The Tezos Foundation, the Swiss non-profit arm of the Tezos blockchain, has announced it will commit £1m to creating a permanent collection of non-fungible token (NFT) art made on its platform.
The collection—which is to take the form of a digital art gallery launching this summer and hosted on the foundation’s website—is initially being managed by the British photographer Misan Harriman, who is the chairman of the Southbank Centre in London. He will focus on acquiring works by “up-and-coming” artists from Africa and Asia, regions that are “underrepresented” in the NFT community, according to a press release. In 2020, Harriman became the first Black photographer to shoot the front cover of British Vogue.
“The Tezos Foundation Permanent Collection will support and celebrate a new generation of artists that have chosen a smart contract-enabled path to be their true selves,” Harriman says. “As the first curator of this collection I want to make sure the world sees the diverse voices that are making truly extraordinary work with crypto art. We will be the custodian for this new community of creatives.”
The Tezos Foundation, which has access to around £1bn in funds, was formed in 2017, one year before the launch of the Tezos network, an open source blockchain that can support smart contracts, much like Ethereum. At the time of publication, one unit of its native cryptocurrency tez (XTZ) is valued at $1.7 and has a 24-hour trading volume of $141.9m, according to crypto.com. For comparison, one unit of Ethereum (ETH), the most widely used cryptocurrency to trade NFT art, is currently valued at $1,909.
In the past year, Tezos has been making moves to draw the art world to its platform, having staged a project in collaboration with the German digital artist Mario Klingemann at the most recent edition of Art Basel in Miami Beach. This summer it will be the official blockchain partner of both Art Basel in Hong Kong and Art Basel fairs.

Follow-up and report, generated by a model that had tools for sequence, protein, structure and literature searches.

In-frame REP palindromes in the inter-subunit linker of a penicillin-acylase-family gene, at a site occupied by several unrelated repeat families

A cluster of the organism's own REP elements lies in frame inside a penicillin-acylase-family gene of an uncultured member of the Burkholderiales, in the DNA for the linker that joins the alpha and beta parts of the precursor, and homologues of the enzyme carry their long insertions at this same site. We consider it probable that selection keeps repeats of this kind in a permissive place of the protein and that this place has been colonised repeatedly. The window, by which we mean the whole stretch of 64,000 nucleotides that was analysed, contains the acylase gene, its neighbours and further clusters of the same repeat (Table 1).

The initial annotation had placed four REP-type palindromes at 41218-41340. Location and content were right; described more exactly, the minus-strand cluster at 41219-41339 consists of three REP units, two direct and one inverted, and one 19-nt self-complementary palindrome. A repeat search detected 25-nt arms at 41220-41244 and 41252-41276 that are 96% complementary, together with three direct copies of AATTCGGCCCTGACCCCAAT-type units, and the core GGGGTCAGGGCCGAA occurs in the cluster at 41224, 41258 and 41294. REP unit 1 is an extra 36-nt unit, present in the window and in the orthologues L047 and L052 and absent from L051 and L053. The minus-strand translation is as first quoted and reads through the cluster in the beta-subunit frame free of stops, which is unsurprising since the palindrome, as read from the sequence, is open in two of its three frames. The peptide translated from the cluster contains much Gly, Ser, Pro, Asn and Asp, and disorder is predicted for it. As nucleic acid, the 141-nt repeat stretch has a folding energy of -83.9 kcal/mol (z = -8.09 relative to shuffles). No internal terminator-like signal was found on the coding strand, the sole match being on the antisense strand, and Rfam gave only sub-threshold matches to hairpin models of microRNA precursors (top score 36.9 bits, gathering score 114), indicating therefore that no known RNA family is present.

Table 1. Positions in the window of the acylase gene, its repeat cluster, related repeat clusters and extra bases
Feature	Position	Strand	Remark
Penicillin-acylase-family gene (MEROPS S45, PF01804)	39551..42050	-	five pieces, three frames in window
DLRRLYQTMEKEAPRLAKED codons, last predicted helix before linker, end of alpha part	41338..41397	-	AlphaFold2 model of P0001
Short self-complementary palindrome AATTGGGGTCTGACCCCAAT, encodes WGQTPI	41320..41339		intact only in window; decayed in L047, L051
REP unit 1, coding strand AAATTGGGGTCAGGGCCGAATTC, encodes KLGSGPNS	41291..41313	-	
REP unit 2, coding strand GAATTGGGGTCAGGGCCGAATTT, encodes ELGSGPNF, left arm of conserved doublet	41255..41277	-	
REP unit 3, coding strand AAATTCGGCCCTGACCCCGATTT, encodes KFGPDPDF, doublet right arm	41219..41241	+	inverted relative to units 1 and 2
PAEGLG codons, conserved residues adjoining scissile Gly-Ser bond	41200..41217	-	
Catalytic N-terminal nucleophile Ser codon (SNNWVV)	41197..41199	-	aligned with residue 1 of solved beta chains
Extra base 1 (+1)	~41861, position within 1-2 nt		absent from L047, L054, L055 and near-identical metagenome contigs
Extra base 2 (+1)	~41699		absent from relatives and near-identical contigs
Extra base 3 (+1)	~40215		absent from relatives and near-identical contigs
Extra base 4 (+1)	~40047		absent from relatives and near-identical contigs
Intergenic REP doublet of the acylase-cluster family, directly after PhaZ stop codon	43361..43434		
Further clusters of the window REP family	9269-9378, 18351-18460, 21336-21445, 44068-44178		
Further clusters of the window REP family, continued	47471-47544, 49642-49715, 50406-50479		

However, the launch of its NFT collection comes at a time of widespread concern for the future of the combined cyptocurrency market, which has recently plummeted in value, dropping to levels not seen since it began surging in late 2020. In the last month, almost $1tn of value has been wiped from the market according to Forbes. In the past 24 hours alone the value of Ethereum has crashed 22%.
Staunch crypto and NFT proponents maintain that market fluctations are to be expected, while also pointing out that the wider stock market is also in freefall due to hiking global interest rates and the effects of Russia’s invasion of Ukraine. But others now warn of a “ripple effect” created by this extreme volatility that threatens to tank the blockchain industry.
Nevertheless, Tezos remains confident that NFTs will break down significant barriers in the art world. Speaking to the difficulty currently faced by NFT creators in a number of Asian and African countries, including India and China, whose governments have placed restrictive laws around the trading of cryptocurrency, Reid Yager, Tezos’s global director of communications, says: “While the NFT art movement has lowered barriers to entry for artists and other creatives across the globe and ushered in a new medium for the art world, hurdles to adoption such as regulatory and useability concerns remain, and access to cryptocurrencies that power NFTs is fragmented.”
He adds: “But rest assured, artists, anywhere in the world, are able to create, mint, and sell NFTs freely. And part of this is because of the unique artist community that supports each other at a grassroots level—actively helping each other to navigate this new medium.”